Automotive Holiday Deals Books Gift Guide Books Gift Guide Shop Women's Cyber Monday Deals Week Learn more nav_sap_SWP_6M_fly_beacon Prime Music Sweepstakes egg_2015 Fire TV Stick Get Ready for the Winter Gifts for Her Amazon Gift Card Offer mithc mithc mithc  Amazon Echo Starting at $49.99 Kindle Voyage Shop Now bgg

Enter your mobile number or email address below and we'll send you a link to download the free Kindle App. Then you can start reading Kindle books on your smartphone, tablet, or computer - no Kindle device required.

  • Apple
  • Android
  • Windows Phone
  • Android

To get the free app, enter your email address or mobile phone number.

Try Free

Deliver to your Kindle or other device

Flip to back Flip to front
Audible Narration Playing... Paused   You are listening to a sample of the Audible narration for this Kindle book.
Learn more

Beautiful Code: Leading Programmers Explain How They Think (Theory in Practice (O'Reilly)) Kindle Edition

53 customer reviews

Rent from
New from Used from
"Please retry"

Length: 620 pages

Kindle Daily Deals
Kindle Delivers: Daily Deals
Subscribe to find out about each day's Kindle Daily Deals for adults and young readers. Learn more (U.S. customers only)

Editorial Reviews

Book Description


About the Author

Andy Oram is an editor at O'Reilly Media, a highly respected book publisher and technology information provider. An employee of the company since 1992, Andy currently specializes in free software and open source technologies. His work for O'Reilly includes the first books ever published commercially in the United States on Linux, and the 2001 title Peer-to-Peer. His modest programming and system administration skills are mostly self-taught.

Greg Wilson holds a Ph.D. in Computer Science from the University of Edinburgh, and has worked on high-performance scientific computing, data visualization, and computer security. He is the author of Data Crunching and Practical Parallel Programming (MIT Press, 1995), and is a contributing editor at Doctor Dobb's Journal, and an adjunct professor in Computer Science at the University of Toronto.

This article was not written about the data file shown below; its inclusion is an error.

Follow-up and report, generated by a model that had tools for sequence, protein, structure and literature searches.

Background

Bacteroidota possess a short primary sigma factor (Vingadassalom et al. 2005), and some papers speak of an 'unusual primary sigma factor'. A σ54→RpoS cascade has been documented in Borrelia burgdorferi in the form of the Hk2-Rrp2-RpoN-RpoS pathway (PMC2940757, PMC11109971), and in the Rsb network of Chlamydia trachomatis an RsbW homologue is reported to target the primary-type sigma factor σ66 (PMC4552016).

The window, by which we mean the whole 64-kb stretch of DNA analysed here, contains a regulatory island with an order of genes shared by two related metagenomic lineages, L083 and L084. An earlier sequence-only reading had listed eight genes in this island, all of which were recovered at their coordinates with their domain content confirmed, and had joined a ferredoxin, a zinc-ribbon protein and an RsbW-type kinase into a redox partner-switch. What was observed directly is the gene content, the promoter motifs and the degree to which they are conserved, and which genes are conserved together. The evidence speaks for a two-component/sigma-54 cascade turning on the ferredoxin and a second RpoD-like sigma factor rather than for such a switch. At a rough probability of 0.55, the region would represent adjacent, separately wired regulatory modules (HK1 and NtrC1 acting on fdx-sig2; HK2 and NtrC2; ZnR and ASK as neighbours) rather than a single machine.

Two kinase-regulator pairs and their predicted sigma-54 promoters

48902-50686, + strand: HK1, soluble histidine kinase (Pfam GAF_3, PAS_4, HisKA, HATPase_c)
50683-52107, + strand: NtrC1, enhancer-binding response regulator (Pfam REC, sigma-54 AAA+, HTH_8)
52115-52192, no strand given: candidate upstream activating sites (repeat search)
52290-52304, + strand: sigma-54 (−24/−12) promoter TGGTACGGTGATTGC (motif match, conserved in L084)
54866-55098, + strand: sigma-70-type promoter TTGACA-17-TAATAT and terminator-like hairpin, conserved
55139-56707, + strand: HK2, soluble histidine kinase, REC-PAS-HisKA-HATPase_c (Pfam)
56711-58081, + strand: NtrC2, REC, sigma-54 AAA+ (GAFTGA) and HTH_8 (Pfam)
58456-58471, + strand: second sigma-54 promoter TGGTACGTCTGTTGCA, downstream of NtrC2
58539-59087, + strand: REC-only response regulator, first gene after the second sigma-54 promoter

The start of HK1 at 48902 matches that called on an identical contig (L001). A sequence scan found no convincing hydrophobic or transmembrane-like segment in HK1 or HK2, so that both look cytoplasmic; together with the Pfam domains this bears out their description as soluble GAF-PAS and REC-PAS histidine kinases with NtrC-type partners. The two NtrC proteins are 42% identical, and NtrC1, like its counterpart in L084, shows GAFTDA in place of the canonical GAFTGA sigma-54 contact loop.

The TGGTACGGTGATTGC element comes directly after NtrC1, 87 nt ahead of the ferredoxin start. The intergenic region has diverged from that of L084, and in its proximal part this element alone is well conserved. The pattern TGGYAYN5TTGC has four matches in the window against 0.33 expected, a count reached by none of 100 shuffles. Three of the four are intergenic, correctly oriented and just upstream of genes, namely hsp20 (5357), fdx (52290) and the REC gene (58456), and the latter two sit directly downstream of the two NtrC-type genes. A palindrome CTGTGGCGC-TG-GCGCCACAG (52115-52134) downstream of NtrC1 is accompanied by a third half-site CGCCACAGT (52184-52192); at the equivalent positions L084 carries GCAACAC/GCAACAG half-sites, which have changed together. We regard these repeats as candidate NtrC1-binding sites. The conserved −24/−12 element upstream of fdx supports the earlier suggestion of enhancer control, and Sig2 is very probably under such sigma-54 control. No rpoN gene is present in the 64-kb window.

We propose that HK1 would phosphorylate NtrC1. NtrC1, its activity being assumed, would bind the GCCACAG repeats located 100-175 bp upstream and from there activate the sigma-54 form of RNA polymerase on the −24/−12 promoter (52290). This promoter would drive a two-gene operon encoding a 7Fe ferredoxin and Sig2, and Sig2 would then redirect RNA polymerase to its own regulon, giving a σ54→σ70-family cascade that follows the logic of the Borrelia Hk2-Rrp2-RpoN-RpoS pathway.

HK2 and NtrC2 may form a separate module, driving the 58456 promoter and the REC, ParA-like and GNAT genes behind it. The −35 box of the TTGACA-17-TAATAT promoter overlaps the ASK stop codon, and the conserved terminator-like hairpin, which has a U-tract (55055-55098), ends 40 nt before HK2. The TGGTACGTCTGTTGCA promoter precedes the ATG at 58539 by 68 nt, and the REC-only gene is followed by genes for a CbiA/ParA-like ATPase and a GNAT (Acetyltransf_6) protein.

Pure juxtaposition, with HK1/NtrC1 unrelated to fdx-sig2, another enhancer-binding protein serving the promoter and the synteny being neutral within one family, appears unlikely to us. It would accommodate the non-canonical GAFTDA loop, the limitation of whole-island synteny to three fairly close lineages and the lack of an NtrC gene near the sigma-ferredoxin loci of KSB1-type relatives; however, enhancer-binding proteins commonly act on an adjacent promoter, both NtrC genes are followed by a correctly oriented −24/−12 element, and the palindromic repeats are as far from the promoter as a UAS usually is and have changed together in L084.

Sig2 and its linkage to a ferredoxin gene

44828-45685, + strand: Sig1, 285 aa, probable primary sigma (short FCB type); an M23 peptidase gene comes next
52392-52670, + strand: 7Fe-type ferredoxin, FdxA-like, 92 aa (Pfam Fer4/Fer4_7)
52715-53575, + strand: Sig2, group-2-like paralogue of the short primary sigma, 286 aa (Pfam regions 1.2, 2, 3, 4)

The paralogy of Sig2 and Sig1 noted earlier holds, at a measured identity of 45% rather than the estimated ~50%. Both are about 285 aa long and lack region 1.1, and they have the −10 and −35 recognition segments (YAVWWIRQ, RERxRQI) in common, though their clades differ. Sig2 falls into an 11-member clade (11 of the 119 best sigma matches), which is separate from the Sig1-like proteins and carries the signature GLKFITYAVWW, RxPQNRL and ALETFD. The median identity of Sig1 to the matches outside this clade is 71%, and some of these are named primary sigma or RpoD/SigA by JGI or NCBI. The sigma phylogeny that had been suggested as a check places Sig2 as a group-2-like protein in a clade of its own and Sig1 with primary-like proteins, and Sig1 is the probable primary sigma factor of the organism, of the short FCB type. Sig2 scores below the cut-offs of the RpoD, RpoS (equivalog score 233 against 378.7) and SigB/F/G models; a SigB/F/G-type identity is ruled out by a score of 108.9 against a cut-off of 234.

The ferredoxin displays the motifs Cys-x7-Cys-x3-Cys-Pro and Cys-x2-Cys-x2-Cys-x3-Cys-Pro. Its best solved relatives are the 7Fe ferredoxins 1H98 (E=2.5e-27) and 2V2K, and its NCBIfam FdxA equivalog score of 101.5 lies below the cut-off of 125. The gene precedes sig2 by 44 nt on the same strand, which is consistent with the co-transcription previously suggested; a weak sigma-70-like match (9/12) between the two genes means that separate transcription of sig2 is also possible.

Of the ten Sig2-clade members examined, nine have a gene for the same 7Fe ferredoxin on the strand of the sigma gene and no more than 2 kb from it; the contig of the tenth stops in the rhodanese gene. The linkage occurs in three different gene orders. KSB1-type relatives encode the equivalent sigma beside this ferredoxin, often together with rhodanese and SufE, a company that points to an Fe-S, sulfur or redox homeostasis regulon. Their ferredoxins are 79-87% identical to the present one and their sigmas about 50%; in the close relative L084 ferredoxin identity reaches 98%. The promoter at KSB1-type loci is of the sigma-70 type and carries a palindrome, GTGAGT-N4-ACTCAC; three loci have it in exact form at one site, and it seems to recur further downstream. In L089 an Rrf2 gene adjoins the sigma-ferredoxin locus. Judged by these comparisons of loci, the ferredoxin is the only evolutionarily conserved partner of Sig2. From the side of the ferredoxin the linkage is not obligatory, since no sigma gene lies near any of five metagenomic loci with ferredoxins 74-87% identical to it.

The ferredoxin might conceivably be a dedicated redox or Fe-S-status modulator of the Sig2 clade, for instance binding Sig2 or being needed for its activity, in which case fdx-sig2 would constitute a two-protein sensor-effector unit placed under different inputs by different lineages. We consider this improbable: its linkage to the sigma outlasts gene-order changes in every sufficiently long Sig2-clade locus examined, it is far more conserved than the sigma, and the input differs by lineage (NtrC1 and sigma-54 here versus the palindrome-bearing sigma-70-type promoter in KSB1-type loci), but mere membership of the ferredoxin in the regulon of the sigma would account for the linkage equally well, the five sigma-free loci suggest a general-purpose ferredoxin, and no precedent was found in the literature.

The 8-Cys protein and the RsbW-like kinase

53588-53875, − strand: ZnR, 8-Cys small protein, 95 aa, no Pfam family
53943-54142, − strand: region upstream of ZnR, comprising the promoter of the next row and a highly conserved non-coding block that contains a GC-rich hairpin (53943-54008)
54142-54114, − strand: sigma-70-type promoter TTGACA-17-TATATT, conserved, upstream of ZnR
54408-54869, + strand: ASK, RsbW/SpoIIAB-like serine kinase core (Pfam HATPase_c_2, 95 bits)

Product Details

  • File Size: 2868 KB
  • Print Length: 620 pages
  • Simultaneous Device Usage: Unlimited
  • Publisher: O'Reilly Media; 1 edition (June 26, 2007)
  • Publication Date: December 17, 2008
  • Sold by: Amazon Digital Services, Inc.
  • Language: English
  • ASIN: B0026OR2NG
  • Text-to-Speech: Enabled
  • X-Ray:
  • Word Wise: Not Enabled
  • Lending: Not Enabled
  • Enhanced Typesetting: Not Enabled
  • Amazon Best Sellers Rank: #557,914 Paid in Kindle Store (See Top 100 Paid in Kindle Store)
  •  Would you like to give feedback on images or tell us about a lower price?

More About the Authors

Discover books, learn about writers, read author blogs, and more.

Customer Reviews

Most Helpful Customer Reviews

86 of 86 people found the following review helpful By Eli Bendersky on September 27, 2007
Format: Paperback
This book came to being from a very good idea. The editors decided to go around and ask renown programmers and designers about snippets of code, software architecture, design or anything related they found beautiful and see as an example of good design.

Indeed, the idea is terrific. After all, besides books describing specific technologies we read on a per-need basis, what books do programmers have to read for inspiration ? Consider artists and architects, for example. They have peer art and work to study and be inspired by. Sure, code reading is highly recommended, but wouldn't it be great if someone had already collected all the good bits ? Wouldn't it be sweet for Brian Kernighan and Yuhikiro Matsumoto to tell you what they've found beautiful ?

Unfortunately, this books doesn't fulfill the high expectations I had from it. It's not bad, no, but it isn't as good as I hoped it to be. There are two main reasons for this:

1. Many of the authors forgot that they're writing for a paper book, and not an online article / blog entry. When reading a paper book, you can't just click on links to find out more information. Therefore, I'd expect many chapters to be more complete. The authors could have spent a few extra lines to explain a concept instead of referencing it to some online resource or (worse) a paid-subscription-access paper at ACM. This is a paper book - I want to read it on the bus to work. Had I wanted to read an online article jumping around links, I would just do that.
2. A few of the chapters in the book are just way too specific.
Read more ›